Bears stay unbeaten at Heritage Classic
The Sevier County Smoky Bears improved to 3-0 on the season by winning two basketball games in convincing fashion at the Heritage Thanksgiving Classic over the weekend.
The Bears downed the William Blount Governors by 25 points, 67-42, and then crushed the previously-unbeaten Walker Valley Mustangs (Cleveland, Tenn.) by a 17-point margin 81-64.
Coach Ken Wright was pleased with his team’s play in the Classic, especially the win over District 5-AAA’s Walker Valley — which had just blown out Morristown East the night before by 29 points.
“They’ve got a really good ball club,” Wright said of the Mustangs. “(But) we really came out ready to play. There were times in that game where we looked really good. But our problem has been with our consistency — that maintained level of consistent play.”
The Bears raced out to a 23-8 lead in the first quarter, and Delta State-signee Devin Schmidt accounted for 13 of those points.
“That’s just what Devin’s capable of,” Wright said. “He played a fantastic game offensively. He ended up scoring 39. (And) he sat out about half the second quarter with a couple of fouls on him.”
With Schmidt and teammate Jacob Whaley held out for much of the second to avoid foul trouble, Walker Valley cut the lead to 38-25 by intermission.
“We didn’t want to take a chance on foul trouble with a big lead,” Wright said.
After half the Bears fought to hold their lead over the Mustangs, outscoring them 43-39 in the third and fourth periods to take the big win.
“Defensively, their point guard gave us a lot of problems,” Wright said. “We had a hard time stopping his penetration. We’ve got to do a better job defensively, but offensively we were about as good as we can be.
“Cody Underwood played a really solid game for us,” the coach continued. “He scored 13 points took a couple charges and had some big rebounds.”
Whaley also ended the game in double-figures with 10 points, while Brent Delozier tallied seven and Weston Underwood, Trent Pope and Logan McCarter combined for 12 more.
The loss dropped Walker Valley to 3-1.
The previous night the Bears toppled William Blount 67-42.
In that game Schmidt again led the way with 20 points.
Whaley had 12, while Cody Underwood, McCarter, Jesse Adams and Delozier had six each. Weston Underwood, Bailey Fields and Devonte Mathews combined for another 11 points in the win.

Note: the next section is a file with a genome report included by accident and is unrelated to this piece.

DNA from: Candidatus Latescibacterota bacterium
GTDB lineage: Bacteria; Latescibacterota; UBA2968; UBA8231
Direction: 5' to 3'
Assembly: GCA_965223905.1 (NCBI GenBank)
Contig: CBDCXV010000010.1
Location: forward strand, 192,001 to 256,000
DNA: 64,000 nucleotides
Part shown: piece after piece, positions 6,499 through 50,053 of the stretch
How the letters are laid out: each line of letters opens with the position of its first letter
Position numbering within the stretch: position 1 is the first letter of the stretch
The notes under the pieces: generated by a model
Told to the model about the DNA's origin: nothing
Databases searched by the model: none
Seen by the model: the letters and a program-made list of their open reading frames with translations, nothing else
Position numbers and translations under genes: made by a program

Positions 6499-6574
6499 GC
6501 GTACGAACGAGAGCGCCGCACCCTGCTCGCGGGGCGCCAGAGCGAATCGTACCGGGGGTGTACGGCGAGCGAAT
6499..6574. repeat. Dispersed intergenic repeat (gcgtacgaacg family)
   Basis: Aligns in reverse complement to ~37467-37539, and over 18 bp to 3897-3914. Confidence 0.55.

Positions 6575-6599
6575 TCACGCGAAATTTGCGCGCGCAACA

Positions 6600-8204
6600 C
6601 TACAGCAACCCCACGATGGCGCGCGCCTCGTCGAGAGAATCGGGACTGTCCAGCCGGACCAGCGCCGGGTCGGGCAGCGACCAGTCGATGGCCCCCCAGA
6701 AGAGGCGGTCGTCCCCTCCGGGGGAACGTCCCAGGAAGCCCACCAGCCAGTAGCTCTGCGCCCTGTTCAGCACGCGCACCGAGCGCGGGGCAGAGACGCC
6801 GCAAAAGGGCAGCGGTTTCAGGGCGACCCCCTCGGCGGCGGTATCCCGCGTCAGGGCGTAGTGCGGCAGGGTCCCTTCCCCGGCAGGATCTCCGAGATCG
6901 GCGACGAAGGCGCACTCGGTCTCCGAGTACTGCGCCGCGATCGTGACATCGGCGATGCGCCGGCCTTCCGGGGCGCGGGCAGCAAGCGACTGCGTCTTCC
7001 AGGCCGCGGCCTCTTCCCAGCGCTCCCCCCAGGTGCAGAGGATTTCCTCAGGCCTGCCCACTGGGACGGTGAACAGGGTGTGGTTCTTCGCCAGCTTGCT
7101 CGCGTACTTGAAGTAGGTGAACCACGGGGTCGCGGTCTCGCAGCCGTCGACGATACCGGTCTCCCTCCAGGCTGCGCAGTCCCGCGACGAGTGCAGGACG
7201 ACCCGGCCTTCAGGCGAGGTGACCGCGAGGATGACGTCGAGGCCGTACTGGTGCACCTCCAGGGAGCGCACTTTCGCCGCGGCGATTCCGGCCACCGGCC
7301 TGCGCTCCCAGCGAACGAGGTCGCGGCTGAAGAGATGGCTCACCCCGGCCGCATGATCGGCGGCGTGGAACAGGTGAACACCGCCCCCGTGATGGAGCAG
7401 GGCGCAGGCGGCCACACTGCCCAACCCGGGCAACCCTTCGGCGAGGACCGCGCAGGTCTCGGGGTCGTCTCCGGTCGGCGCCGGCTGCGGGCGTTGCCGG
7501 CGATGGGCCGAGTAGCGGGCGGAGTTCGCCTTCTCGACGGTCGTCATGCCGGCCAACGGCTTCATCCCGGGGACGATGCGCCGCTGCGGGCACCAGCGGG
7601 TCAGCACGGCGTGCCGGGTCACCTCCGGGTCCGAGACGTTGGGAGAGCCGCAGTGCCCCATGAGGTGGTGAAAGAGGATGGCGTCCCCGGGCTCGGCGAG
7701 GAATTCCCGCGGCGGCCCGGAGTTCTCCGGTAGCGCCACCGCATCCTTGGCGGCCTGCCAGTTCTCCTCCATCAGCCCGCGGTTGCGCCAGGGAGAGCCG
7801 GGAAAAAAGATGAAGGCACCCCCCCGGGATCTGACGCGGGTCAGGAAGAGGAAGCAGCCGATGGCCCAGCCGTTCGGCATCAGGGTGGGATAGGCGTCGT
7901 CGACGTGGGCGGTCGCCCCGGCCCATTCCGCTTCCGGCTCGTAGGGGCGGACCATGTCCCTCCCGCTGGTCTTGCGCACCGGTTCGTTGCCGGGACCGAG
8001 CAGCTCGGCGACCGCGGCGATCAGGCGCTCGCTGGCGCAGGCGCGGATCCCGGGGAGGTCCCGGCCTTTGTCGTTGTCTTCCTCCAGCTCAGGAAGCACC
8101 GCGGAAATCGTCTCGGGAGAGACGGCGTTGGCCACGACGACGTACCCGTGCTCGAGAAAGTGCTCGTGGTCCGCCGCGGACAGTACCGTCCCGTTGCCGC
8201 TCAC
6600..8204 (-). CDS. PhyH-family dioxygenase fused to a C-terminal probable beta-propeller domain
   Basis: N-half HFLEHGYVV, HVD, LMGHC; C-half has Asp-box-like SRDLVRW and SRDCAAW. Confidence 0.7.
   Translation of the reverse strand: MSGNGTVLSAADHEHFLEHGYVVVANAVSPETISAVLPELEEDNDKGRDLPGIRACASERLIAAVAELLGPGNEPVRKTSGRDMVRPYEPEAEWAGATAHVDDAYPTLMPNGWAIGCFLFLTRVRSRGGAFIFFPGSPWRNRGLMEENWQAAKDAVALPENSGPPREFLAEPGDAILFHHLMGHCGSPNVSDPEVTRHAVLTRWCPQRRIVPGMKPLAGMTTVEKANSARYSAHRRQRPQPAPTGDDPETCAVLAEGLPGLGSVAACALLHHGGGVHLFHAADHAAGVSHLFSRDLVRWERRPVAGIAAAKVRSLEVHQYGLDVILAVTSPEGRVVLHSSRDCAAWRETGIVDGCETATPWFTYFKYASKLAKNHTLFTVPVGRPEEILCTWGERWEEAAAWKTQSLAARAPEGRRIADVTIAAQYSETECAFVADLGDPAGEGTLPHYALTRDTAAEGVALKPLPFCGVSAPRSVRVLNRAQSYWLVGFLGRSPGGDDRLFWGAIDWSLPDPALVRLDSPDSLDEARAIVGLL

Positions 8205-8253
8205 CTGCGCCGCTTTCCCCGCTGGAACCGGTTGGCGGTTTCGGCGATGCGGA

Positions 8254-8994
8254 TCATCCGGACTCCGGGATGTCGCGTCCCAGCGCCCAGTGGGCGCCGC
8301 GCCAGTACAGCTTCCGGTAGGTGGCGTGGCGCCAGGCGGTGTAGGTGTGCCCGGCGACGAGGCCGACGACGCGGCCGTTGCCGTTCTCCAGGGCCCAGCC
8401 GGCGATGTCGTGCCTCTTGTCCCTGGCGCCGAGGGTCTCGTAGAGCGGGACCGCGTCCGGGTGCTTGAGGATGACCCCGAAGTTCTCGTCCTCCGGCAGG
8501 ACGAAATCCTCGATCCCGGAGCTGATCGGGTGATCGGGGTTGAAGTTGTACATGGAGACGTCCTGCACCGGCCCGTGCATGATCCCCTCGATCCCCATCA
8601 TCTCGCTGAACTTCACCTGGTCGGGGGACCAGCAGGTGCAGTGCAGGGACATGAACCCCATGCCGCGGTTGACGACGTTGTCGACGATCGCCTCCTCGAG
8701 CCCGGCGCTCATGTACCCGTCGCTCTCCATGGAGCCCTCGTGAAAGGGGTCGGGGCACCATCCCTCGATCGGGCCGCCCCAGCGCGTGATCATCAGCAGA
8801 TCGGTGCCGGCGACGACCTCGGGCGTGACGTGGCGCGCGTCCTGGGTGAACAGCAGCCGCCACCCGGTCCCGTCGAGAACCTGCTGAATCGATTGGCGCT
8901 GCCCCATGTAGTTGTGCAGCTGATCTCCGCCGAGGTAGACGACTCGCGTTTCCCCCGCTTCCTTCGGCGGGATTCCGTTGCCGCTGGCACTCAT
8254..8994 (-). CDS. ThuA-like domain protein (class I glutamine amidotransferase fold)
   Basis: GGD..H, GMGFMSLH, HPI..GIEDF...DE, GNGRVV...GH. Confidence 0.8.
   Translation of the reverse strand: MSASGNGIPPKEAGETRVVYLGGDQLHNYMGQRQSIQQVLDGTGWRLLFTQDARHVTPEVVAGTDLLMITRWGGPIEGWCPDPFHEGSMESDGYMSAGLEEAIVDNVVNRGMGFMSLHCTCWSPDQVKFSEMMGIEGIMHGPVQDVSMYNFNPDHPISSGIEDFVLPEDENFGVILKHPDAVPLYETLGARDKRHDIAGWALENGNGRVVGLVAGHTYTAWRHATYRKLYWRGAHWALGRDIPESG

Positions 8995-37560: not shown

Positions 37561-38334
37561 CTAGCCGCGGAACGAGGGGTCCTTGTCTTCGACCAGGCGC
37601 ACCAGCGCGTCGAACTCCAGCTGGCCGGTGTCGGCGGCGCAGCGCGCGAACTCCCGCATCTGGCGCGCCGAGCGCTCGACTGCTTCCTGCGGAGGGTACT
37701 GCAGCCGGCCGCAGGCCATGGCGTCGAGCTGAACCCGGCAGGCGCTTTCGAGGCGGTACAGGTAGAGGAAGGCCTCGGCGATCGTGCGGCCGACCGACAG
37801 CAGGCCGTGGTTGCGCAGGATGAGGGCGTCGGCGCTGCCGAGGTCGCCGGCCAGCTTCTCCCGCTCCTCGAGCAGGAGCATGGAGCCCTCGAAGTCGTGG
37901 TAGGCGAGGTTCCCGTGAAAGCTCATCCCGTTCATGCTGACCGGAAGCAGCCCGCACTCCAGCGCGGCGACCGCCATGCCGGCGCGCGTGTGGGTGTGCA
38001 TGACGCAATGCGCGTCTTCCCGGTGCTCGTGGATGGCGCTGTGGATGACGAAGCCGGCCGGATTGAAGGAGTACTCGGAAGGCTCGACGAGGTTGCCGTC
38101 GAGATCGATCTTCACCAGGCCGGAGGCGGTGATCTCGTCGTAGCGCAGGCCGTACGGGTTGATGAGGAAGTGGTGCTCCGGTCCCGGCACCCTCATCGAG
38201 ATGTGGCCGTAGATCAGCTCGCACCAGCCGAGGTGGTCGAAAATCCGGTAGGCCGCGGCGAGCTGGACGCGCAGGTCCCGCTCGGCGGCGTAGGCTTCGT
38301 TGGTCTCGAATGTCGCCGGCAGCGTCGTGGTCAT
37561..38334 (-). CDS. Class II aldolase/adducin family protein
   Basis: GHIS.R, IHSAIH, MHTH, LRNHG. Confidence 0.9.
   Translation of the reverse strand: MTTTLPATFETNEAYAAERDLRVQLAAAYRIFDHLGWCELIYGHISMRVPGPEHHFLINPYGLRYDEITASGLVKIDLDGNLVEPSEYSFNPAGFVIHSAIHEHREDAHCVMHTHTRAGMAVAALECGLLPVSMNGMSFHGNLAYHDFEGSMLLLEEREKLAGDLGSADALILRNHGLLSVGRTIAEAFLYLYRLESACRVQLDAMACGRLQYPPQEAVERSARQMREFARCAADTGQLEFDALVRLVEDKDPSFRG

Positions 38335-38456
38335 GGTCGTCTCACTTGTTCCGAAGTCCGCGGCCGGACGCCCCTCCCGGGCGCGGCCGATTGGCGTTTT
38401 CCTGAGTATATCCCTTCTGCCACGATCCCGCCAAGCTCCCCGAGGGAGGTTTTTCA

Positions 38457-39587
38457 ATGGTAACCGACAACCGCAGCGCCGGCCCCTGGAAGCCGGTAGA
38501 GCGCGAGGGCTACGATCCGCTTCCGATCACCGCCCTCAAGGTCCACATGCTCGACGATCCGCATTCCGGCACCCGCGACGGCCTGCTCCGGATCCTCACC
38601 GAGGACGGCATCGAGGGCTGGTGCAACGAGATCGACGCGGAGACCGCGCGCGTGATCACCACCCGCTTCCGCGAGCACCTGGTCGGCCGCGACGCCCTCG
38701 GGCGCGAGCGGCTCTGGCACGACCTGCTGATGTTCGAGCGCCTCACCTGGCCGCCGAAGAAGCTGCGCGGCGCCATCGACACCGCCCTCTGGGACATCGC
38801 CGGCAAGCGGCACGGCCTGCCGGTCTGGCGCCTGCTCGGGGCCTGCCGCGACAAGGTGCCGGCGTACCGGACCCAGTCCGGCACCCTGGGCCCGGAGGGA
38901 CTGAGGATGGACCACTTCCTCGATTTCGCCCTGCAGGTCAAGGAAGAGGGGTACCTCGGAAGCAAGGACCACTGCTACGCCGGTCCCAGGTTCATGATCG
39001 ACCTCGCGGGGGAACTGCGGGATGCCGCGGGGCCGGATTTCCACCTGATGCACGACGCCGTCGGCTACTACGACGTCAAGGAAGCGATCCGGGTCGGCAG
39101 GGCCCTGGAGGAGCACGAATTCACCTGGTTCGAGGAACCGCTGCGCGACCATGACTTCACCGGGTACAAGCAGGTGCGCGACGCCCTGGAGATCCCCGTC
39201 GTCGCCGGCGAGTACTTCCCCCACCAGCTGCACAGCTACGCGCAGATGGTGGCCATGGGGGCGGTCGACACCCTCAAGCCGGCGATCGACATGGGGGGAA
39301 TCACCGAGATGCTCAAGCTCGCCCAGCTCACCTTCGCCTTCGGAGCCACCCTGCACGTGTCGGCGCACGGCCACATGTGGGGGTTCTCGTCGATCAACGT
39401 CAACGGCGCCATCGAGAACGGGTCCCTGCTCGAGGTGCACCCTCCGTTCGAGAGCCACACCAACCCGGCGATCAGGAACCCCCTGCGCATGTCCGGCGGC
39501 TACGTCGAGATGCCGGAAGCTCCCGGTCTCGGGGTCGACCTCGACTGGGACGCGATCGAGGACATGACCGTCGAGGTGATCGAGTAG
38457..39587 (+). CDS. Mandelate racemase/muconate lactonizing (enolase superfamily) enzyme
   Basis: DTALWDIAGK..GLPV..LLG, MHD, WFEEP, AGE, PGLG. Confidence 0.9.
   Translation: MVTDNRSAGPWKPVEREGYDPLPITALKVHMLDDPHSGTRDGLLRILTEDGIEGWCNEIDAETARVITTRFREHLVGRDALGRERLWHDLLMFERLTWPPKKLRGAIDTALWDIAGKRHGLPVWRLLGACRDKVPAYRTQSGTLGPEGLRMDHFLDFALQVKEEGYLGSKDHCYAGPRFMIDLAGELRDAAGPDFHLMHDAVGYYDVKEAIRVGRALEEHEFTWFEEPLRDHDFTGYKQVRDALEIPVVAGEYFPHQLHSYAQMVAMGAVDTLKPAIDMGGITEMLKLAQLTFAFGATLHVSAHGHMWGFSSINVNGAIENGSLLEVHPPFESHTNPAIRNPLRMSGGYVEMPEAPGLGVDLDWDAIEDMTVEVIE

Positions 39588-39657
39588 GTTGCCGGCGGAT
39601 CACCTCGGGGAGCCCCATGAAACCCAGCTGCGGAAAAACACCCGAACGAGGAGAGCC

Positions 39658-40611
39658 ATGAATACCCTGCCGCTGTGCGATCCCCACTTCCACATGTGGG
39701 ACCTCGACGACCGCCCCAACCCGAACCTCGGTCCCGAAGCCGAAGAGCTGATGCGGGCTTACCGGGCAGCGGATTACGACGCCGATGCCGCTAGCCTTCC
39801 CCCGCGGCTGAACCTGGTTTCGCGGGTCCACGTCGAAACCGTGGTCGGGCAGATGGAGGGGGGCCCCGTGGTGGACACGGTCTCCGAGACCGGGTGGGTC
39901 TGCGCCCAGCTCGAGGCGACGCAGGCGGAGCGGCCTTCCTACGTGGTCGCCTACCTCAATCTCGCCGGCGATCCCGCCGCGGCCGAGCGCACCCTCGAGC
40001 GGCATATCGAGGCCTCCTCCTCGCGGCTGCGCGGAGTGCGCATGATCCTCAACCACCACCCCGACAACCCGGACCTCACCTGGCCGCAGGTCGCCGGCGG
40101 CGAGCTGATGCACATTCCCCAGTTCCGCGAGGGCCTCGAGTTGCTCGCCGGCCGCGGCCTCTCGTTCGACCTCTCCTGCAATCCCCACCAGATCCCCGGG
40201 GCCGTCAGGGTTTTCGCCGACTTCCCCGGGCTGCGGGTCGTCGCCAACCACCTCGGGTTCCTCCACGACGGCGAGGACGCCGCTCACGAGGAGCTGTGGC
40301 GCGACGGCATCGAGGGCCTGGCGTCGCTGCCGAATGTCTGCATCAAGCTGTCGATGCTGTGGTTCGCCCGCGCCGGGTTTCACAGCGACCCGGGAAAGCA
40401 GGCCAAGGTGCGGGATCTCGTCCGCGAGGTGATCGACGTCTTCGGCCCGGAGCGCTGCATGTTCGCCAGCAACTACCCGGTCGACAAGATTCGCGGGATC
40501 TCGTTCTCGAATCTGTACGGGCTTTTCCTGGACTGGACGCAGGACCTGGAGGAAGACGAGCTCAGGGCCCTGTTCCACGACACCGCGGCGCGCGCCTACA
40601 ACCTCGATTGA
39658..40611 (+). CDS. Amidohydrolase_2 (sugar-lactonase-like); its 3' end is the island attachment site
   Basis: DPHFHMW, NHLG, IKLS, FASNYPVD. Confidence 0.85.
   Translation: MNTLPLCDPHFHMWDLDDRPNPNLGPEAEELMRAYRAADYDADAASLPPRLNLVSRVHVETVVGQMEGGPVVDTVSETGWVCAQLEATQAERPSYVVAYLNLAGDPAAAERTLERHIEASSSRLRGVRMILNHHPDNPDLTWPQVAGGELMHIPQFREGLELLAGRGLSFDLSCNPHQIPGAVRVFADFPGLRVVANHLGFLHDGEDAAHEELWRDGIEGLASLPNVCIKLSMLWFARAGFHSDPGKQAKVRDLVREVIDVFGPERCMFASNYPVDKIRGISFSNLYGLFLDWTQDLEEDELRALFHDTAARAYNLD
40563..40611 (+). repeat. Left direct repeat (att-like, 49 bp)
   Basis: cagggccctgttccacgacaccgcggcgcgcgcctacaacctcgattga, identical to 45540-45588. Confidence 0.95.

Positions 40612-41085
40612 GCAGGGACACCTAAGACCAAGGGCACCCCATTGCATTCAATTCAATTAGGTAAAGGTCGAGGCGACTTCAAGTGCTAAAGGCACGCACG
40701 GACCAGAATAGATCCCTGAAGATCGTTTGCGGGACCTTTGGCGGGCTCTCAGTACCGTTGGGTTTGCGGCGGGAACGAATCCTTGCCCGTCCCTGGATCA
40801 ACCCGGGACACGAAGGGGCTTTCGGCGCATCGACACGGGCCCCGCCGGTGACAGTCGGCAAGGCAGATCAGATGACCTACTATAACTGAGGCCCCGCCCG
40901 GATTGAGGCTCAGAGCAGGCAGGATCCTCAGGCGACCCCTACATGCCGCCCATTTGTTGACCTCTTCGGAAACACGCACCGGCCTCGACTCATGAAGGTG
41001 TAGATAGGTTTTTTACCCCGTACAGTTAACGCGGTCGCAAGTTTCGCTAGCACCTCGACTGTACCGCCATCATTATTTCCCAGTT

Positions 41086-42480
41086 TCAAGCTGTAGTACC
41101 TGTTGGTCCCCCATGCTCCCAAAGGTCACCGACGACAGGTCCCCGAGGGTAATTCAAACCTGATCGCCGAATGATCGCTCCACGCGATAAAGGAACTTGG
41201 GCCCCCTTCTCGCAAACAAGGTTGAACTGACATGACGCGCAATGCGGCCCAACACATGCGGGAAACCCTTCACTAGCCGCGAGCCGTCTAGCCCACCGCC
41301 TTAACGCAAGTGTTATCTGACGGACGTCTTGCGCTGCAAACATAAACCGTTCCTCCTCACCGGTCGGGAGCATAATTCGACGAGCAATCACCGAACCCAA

“We got on them 16-7 at the end of one and were up 35-21 at half,” Wright said. “We pulled away in the second half.”
TIGERS NEXT: Sevier County’s next challenge will be this Thursday against county rival Pigeon Forge, which is coached by Jonathan Shultz, who played for Ken Wright at Gatlinburg-Pittman.
The Tigers are playing an unconventional style this season that emphasizes the full-court press and a barrage of 3-point attempts. The system was created by Grinnell College coach David Arseneault, and Grinnell recently had a player, Jack Taylor, score an NCAA-record 138 points in a game — mainly due to his 71 3-point tries.
“(Pigeon Forge) plays a different style,” Wright said about what his team would face Thursday. “(Shultz) is running in a new group of players in every 45 seconds or so, they’re pressing you all over and they’re shooting a ton of threes. If they’re on from the outside they can beat anybody.
“With a team like that you almost have to forgo the help-side (defense), they’re wanting you to help so they can kick it out and shoot the open three,” Wright said. “And they’re trying to force you into running up and down the floor and shooting quick.
That’s something the Bears won’t likely try to fight.
“You want to attack it, you don’t want to be passive,” Wright said. “It’s a high-risk, high-reward defense. It’s about how well you handle the ball and how well you can weather the storm.”
WORK IN PROGRESS: Though his players have now back from football for over a week, Wright said his squad is still a work in progress.
“We’re still not in basketball shape,” Wright said. “Our football guys will be the first to tell you they’re still wearing down.”
That could be a challenge with Pigeon Forge’s up-tempo style.
“Our depth is going to be tested, no doubt,” the coach said. “We’re going to have to have some of our young guys step up. We’re going to need to play 10-12 kids just to be able to handle the pace of the game.”